It's enough to make a girl tired.

But! things are looking up. The wintry spring we've been having has finally turned into a gentle early summer, with lots of rain for the garden, which I got in by fits and starts in April. My tomatoes are growing like weeds. My boyfriend got me a library card, so I can stop draining my bank account at Amazon. And best of all, I found a beekeeper who will sell me new bees (it's late in the season, hence the difficulty) so I will have a functioning beehive once again. Oh, and Delta gave me my frequent flyer miles back. For a small fee.

I was sitting with one of my clients for the new business the other day, and showing him the list of tasks I had assigned myself to do weekly for him. "I won't get to everything every week" I said, "but if we use this as a guideline, then we continue to lurch forward. It's all about progress."

And this morning I thought, while I was searching for a theme to this post, if that's not a metaphor for life, I don't know what is. Whether you are reinventing yourself, or writing a novel, or planting a garden, or raising a child, or, I don't know, carving the Mona Lisa out of yak butter, it's all about progress. Keep on keepin' on, as they say. And somehow, in fits and starts, you make progress. Stumble some, run some, but stretch towards the light.


Monday, March 22, 2010

Photo of the week

This picture is a little soft and fuzzy, due to ill-advised hand-holding, but then it's Monday and we probably ALL feel a little soft and fuzzy. I worked most of the weekend at my desk so I could use a little soft fuzziness right now.

Focus issues aside, I love the way the ceiling fixtures open up and draw you into the hallway. This is from a night tour of the Louvre (they are open until ten on Thursdays) and so all of the daylight that normally floods these halls is missing, leaving only the shadowy, gas-fixture light to illuminate the galleries. I like to think this is what it looked like in the past, with ladies in satin dresses drifting down the halls toward string music in the Apollo Room.

Flattering light is key, even if it's only in your imagination...

Sunday, March 21, 2010

Book Review - "The Happiness Project"

There's some irony to me writing this review today, since I woke up on the wrong side of the bed this morning and am being an impossible grouch. Then again, just thinking about this book makes me happier (at least a little) and if it can do it today, imagine what it would do on a day I'm not grumpy.

Seriously, here's my advice to you - go out and get this book. Buy it, borrow it, check it out of the library, whatever you need to do - get it and read it. It's one of the best, most practical books I have read in a long time. Gretchen Rubin writes of realizing one day that she had a great, fortunate life, and felt the need to appreciate it more, enjoy herself and her family more, and just be more aware of how lucky she (and all of us, really) was. She set out to make a series of simple, non-earth-shaking changes, and in the process improves her life and that of everyone around her - no drama, no damage, no running off to Indonesia and living with a medicine man. It's the polar opposite of books like "Eat, Pray, Love" that imply the only way to improve your life is to burn it down and start over - not just thinking outside the box but trampling on it and throwing it's mangled remains in the trash. (In the interest of full disclosure, I hate those sort of books, and I spent most of "Eat, Pray, Love" wanting to slap Elizabeth Gilbert in the mouth.)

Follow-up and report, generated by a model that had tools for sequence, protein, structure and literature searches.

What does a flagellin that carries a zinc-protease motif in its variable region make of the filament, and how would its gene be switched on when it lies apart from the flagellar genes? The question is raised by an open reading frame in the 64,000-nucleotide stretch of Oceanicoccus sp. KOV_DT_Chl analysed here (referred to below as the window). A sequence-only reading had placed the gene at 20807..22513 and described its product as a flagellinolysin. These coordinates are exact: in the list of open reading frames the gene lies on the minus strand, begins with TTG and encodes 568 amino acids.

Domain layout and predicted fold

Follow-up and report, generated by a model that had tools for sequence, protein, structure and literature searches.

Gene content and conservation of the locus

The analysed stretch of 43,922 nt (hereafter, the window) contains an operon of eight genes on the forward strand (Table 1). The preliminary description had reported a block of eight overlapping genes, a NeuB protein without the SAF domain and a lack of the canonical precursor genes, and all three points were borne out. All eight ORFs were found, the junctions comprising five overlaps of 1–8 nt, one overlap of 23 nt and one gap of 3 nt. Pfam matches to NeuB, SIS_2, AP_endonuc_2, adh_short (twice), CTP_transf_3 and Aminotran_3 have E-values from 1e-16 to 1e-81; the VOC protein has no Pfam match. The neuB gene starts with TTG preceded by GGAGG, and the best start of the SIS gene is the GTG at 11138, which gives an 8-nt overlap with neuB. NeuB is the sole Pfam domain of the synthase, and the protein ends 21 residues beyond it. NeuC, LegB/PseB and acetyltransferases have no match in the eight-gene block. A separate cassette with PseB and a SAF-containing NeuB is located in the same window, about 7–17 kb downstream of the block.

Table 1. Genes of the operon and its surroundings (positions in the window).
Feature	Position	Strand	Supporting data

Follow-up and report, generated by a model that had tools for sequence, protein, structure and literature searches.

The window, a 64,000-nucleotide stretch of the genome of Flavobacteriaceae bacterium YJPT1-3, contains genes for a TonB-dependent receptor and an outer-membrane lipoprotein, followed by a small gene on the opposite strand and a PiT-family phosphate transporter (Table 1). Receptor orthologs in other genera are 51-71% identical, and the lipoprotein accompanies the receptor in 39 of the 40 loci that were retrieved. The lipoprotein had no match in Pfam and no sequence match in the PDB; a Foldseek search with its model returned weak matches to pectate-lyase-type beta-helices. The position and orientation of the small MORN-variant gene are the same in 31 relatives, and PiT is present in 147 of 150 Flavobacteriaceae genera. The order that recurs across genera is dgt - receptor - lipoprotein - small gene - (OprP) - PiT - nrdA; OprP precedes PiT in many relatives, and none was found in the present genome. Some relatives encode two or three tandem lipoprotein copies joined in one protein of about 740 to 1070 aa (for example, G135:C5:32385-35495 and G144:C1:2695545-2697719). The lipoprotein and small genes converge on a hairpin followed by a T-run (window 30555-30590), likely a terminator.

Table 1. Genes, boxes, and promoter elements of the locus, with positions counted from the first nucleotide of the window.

Rubin breaks down her "Happiness Goals" into twelve sections, one for each month, taking inspiration from Benjamin Franklin's "List of Virtues", where he worked on one virtue a week for twelve weeks - and then goes from there. Vitality, Relationships, Work - I identified with all of them (well, except for the parenting one - no kids, just the cat) and found several useful pointers in each chapter.

Even today, when I am at my curmudgeonly best, I can dredge up her advice and nudge myself into a better, if not Pollyanna-ish, state. Yes, I woke up at 6.30 am on Sunday because I have so much work to do (and am breaking one of my personal rules, to not work on Sunday). Yes, the winery event I wanted to go to was rained out. Yes, my boyfriend changed his oil in the carport and now there's  ^*&%^% oil everywhere that I am going to have to mop up. Yes, the store was out of red snapper.

But really, is it so bad? Take a deep breath and remember Gretchen's advice: Fight right (yes, the oil's a mess, but he also fixed my brakes last week. And don't drag his mother into it). Be flexible (no red snapper, but grouper - just as good) Give yourself credit - I just went out in the drizzle and cleaned the chicken coop, and just accomplishing that made me feel better. Crossing "write book review" off my list will improve my morale even more.  And have some fun - maybe I can't go to the winery, but I can watch Pirates of the Caribbean again, and I can do it in my underwear. Can't do that at a winery. At least not until the second flight.